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Volunteer Engagement: Eight Tips for Creating a Good Time Onsite

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Originally featured on Corporate Meetings Network in September 2016.


Working in the not-for-profit management world, we simply could not operate within the organizations we work with without volunteers. Giving your volunteers a great onsite experience by keeping them engaged and happy at your events is one way to recognize and acknowledge their time commitment, contributions and support to volunteer-run organizations – because after all, they are critical to the success of your event.

Before we run through this list, ask yourself, who are your volunteers? What do they expect to get out of volunteering at your event? We recommend doing some informal market research (simply asking a few of your key volunteer contacts in the industry might do the trick) to figure out how to engage the right group of volunteers for your event, and incorporate that into your value proposition when recruiting. While there are some amazingly engaged individuals who are eager and willing to give back to their industries, you will increase your pool of volunteers if you’re outright telling people what’s in it for them and also getting the right group onsite for each event.

Once you are armed with what motivates them to volunteer (from making a contribution, to skill development, to recognition, to name a few), keep that in the back of your mind when you’re planning what to provide your volunteers. Here are a few things to consider when planning:

  1. Don’t be last minute. Have the information that volunteers need several weeks in advance of your event. Some people get nervous if they don’t know where they’re going and what they’re supposed to be doing, not to mention the fact that they’ll be reaching out to you with questions that you may not have the time to answer. On the flip side, if you don’t communicate the expectations in advance, they may simply forget that they committed to volunteering at all.
  2. Don’t skip the orientation. It is important to communicate the expectations around the knowledge they need, and even onsite appearance. Also, consider the possibility that some volunteers won’t read your written communications at all, so a phone call or onsite orientation is strongly recommended to get your message across.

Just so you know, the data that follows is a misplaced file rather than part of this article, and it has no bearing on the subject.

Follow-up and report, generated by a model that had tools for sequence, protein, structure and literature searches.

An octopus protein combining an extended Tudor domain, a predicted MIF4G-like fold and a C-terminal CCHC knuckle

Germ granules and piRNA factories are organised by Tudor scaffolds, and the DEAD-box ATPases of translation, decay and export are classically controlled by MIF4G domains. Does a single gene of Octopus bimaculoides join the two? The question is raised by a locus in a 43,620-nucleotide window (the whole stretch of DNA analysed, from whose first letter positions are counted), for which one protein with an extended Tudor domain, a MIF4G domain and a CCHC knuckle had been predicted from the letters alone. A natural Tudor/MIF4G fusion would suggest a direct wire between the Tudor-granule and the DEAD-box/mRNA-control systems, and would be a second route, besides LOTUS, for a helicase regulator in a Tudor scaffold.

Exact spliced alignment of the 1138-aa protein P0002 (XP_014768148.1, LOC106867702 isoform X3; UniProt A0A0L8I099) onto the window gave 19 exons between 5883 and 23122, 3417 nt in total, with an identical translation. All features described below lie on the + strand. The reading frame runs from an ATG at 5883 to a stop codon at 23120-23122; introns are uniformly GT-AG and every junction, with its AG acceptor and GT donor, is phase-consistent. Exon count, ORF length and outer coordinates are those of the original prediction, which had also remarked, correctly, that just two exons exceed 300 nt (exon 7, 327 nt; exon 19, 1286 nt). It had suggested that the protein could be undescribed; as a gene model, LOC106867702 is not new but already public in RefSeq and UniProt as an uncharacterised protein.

3. Find your magic number. Making sure there are enough volunteers onsite is important, but the opposite is also true. If there are too many volunteers and not enough jobs for everyone, they’ll get bored and feel unengaged. Delegates may also start to notice idle hands.
  4. Have realistic shifts and breaks. Some of your roles may not be glamorous, such as holding a directional sign during breaks. Switch it up so your volunteers have the opportunity of experiencing some of the more interesting jobs, like greeting VIPs.
  5. Cover their meals and snacks. Make sure they know that, at the very least, they are getting a free meal and ample water or snacks. If you’re marketing your volunteer opportunity to students, this may actually be part of your value proposition.
  6. Assign leads who will take charge if they need to. You can’t be everywhere at once. Identifying strong leads is important so that they can give direction when you’re not there, or who know where to find you should a crisis occur.
  7. Show recognition. This could be anything from gift cards or dinner, to simply acknowledging them during the event or making sure they can include this experience on their CVs. Again, this all depends on what they were hoping to get out of their experience in the first place.
  8. Deliver some of the benefits of the event itself. Is it a networking or educational event? If they can get away to sit in on a session, or make a few contacts, allow them to do so. In many cases, this could be a big part of what they are hoping to get out of the event.

Cover these points early on to make way for your focus on ensuring the overall event is a success!

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